From ‘white feminism’ to intersectionalityIdentifying the ignored
Since this photo’s release it has been a symbolic image of white feminism. When fighting for equality it is crucial to fight unitedly for all. Photo Credit: Kevin Banatte
The day I watched tears stream down my mother’s face as scenes of police brutality flashed on our television, I decided I’d make a change in this world. While frustrated by not knowing how to make a difference, I came across the feminist movement online.
Despite the feminist movement’s growth through literature and street protest, the purpose is often times misunderstood. True feminism is intersectional, which means that everyones inequalities need to be addressed to create worldwide equality. Despite this, the concept is commonly confused with white feminism, or the idea of focusing solely on the disadvantages faced by white women instead of all races.
Failure to support movements involving specific races and instead focusing only on movements that involve white women like the wage gap or the Free The Nipple campaign, differentiates intersectional and white feminism. Issues white women face are valid; however, they are not the only noteworthy obstacles that all women face.
Cherry-picking specific issues based on one’s own struggles then disappearing during other movements that are controversial does not define an activist. As University of Florida student Valentina Duarte writes, “If your feminism is not intersectional, it is useless.” When feminists do not support all causes such as the Black Lives Matter movement, fighting against things like police brutality becomes a further grueling battle for minorities.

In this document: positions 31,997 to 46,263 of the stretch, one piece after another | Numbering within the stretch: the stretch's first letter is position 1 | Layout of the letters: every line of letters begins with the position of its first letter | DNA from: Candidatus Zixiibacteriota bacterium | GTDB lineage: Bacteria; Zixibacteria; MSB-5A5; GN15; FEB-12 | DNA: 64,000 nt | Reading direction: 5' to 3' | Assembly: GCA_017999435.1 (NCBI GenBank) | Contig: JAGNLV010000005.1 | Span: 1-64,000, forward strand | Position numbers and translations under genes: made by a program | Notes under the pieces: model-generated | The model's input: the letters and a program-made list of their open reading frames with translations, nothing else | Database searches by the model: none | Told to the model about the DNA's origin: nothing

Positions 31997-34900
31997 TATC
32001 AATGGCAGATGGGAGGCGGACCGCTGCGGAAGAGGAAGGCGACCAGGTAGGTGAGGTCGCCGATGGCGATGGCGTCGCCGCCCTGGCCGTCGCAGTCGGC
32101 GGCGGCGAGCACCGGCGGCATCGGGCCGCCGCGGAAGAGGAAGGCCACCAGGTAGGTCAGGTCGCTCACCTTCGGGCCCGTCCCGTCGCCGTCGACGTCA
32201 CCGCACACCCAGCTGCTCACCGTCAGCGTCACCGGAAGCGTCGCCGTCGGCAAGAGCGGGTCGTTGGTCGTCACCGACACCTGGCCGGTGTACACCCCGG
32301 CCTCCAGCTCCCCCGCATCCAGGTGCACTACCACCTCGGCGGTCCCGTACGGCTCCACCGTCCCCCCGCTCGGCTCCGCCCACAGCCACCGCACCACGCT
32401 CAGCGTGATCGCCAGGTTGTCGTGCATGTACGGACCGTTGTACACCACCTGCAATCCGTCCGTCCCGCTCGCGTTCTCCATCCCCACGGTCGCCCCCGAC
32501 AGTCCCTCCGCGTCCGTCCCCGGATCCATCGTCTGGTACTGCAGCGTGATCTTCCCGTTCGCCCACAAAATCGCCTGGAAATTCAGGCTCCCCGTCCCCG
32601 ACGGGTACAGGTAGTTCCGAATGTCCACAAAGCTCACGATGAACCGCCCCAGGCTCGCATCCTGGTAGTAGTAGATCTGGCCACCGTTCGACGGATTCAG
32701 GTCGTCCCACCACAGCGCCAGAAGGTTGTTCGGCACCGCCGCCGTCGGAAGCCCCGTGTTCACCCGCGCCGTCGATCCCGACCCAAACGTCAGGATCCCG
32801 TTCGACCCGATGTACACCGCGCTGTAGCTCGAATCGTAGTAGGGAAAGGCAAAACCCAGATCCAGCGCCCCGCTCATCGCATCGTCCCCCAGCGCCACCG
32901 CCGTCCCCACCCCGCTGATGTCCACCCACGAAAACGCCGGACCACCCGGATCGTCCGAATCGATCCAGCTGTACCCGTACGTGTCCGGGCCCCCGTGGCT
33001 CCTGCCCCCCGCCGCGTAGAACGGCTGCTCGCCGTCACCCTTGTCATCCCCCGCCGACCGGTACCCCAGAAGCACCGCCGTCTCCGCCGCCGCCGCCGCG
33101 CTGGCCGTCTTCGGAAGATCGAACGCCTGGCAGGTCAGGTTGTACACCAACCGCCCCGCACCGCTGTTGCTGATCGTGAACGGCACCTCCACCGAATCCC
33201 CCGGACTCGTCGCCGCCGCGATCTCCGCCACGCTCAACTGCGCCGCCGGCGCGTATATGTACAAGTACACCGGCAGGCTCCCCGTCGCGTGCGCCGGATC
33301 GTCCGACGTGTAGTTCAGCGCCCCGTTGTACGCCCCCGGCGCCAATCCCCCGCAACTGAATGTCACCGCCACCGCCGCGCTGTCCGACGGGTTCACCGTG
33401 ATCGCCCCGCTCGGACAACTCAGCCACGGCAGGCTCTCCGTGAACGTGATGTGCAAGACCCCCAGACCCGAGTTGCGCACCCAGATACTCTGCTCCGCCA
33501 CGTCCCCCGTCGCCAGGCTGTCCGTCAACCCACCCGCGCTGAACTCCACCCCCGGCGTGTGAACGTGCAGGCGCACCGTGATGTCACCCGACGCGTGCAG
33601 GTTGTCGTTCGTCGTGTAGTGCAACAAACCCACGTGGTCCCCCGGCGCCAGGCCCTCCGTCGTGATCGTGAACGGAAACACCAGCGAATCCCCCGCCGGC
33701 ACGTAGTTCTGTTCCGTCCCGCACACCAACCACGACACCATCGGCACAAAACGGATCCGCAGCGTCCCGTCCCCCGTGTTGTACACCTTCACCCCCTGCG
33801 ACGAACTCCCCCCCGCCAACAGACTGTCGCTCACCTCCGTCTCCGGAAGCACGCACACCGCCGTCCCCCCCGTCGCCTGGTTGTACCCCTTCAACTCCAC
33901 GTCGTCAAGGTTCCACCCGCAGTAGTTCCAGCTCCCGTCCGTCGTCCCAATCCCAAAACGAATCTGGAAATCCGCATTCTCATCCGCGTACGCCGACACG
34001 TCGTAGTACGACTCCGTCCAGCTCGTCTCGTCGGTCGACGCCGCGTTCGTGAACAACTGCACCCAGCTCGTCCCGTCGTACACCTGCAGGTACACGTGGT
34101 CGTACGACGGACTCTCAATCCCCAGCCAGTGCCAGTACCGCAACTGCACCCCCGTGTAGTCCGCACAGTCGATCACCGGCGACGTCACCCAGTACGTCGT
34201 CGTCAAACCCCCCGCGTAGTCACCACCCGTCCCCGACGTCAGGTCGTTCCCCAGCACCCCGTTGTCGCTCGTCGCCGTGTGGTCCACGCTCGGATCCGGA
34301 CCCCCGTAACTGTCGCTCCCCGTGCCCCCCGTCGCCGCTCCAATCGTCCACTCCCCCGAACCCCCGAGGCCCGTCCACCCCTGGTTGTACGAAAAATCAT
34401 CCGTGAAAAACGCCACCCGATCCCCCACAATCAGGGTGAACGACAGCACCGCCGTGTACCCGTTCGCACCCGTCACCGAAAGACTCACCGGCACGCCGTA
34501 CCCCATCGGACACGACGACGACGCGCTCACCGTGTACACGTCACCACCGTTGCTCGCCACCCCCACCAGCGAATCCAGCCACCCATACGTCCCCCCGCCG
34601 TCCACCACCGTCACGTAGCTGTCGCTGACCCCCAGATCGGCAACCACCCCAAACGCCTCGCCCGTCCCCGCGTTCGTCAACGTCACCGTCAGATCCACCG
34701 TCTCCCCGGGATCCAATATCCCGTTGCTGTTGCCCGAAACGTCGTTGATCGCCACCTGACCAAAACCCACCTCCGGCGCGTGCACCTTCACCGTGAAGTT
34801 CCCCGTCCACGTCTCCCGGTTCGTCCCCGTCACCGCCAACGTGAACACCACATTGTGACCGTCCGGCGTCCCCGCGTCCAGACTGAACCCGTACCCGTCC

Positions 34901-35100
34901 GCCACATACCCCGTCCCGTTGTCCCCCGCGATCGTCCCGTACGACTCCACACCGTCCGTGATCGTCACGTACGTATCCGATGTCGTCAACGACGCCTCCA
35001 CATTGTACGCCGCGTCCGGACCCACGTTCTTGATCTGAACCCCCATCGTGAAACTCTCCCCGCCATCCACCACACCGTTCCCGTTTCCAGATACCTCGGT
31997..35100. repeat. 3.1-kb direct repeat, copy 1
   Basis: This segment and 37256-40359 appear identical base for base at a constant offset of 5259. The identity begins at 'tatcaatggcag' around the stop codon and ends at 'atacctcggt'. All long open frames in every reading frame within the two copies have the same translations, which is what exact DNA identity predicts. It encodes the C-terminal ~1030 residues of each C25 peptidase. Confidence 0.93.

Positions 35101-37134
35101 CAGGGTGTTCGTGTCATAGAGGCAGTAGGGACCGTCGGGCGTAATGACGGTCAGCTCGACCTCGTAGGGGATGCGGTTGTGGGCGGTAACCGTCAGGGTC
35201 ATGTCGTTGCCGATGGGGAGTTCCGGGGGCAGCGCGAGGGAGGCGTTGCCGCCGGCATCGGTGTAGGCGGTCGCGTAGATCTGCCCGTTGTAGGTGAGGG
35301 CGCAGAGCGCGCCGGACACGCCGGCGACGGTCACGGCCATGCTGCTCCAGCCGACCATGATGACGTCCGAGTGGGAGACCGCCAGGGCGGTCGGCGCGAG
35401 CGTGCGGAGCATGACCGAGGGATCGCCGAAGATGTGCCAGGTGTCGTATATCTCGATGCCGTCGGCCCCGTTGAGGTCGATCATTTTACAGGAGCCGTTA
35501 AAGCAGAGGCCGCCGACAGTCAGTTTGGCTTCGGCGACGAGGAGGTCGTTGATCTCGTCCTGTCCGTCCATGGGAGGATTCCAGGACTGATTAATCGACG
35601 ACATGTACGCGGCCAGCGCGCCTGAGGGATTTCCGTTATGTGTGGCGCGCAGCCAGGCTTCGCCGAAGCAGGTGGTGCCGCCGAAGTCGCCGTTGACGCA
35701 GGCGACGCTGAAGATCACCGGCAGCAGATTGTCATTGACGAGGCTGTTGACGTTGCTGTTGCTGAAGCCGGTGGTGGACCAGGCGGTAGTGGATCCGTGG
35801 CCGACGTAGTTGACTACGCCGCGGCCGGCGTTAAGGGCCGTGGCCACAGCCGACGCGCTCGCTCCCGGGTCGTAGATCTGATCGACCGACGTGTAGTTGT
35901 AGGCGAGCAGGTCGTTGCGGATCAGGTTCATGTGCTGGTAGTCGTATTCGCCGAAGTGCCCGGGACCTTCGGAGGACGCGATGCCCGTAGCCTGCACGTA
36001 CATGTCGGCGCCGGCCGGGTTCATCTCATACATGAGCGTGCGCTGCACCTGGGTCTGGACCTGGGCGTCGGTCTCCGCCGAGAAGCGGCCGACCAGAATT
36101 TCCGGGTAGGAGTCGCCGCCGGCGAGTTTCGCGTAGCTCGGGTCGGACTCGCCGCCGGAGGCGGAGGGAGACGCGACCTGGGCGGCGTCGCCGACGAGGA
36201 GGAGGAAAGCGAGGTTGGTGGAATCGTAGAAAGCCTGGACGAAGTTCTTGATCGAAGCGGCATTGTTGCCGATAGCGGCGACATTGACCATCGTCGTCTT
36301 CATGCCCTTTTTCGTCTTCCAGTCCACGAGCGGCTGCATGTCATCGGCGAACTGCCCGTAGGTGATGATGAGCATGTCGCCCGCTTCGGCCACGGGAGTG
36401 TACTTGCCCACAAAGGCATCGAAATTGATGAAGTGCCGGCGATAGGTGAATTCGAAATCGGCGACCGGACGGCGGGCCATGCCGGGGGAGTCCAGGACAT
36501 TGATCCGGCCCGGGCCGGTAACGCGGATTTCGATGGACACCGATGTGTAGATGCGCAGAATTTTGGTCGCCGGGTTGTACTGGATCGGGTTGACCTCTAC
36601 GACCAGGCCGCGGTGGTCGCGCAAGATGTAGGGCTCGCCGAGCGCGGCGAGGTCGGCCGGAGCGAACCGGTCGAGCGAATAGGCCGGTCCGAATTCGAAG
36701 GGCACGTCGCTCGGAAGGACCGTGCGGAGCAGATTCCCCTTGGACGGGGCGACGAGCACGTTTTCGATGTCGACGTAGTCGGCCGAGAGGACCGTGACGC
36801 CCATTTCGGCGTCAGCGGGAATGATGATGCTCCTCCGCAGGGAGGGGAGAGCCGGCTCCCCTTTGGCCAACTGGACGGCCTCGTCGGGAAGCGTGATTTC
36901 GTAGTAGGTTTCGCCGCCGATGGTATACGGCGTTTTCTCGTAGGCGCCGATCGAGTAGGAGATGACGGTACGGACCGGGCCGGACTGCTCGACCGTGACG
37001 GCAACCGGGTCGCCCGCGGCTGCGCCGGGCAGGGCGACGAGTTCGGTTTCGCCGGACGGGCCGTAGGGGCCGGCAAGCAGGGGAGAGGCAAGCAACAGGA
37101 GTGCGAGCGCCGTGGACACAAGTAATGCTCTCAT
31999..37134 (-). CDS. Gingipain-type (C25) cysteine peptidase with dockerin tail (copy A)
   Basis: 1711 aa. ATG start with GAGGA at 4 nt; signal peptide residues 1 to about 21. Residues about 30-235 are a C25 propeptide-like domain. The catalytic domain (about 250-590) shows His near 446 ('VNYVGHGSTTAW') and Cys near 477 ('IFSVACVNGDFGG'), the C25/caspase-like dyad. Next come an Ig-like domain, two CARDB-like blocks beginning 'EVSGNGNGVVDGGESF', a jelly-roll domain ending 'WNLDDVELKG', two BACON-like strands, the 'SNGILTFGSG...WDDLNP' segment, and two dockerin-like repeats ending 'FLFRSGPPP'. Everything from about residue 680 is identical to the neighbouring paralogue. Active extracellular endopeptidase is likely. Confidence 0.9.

Additionally, some women who claim to be a feminist attach themselves to the title before understanding the movement. For example, Taylor Swift consistently defines herself as a feminist without showing active support for all of the movement issues. Not to discredit Swift’s consistent empowerment for women, but she has yet to make notable use with her platform to promote racial injustices.
Women who focus solely on the disadvantages white women face most likely will not be seen fighting for the DACA program or protesting racially unjust incarceration rates. As issues get more controversial the movement miraculously becomes quiet, leaving minorities alone against those desperate to demean us. By not fighting against racial biases along with gender biases, it degrades the entire movement.
When fighting against inequalities, it is crucial to fight as one collective. Deciding to focus purely on one section of inequality is just as effective as ignoring the movement. When we prioritize conversations like the reproductive rights since it involves white women too, we forget about the injustices that specifically affect women and men of color.
Even if this movement does not directly affect you, equality is a basic human right that everyone should be entitled to. I did not acquire the choice to be the race or the sexual orientation I am, so I should not get punished for this. With an intersectional feminist movement, the world can be made a better place for all people, and I will no longer have to watch my mother weep in front of TV’s.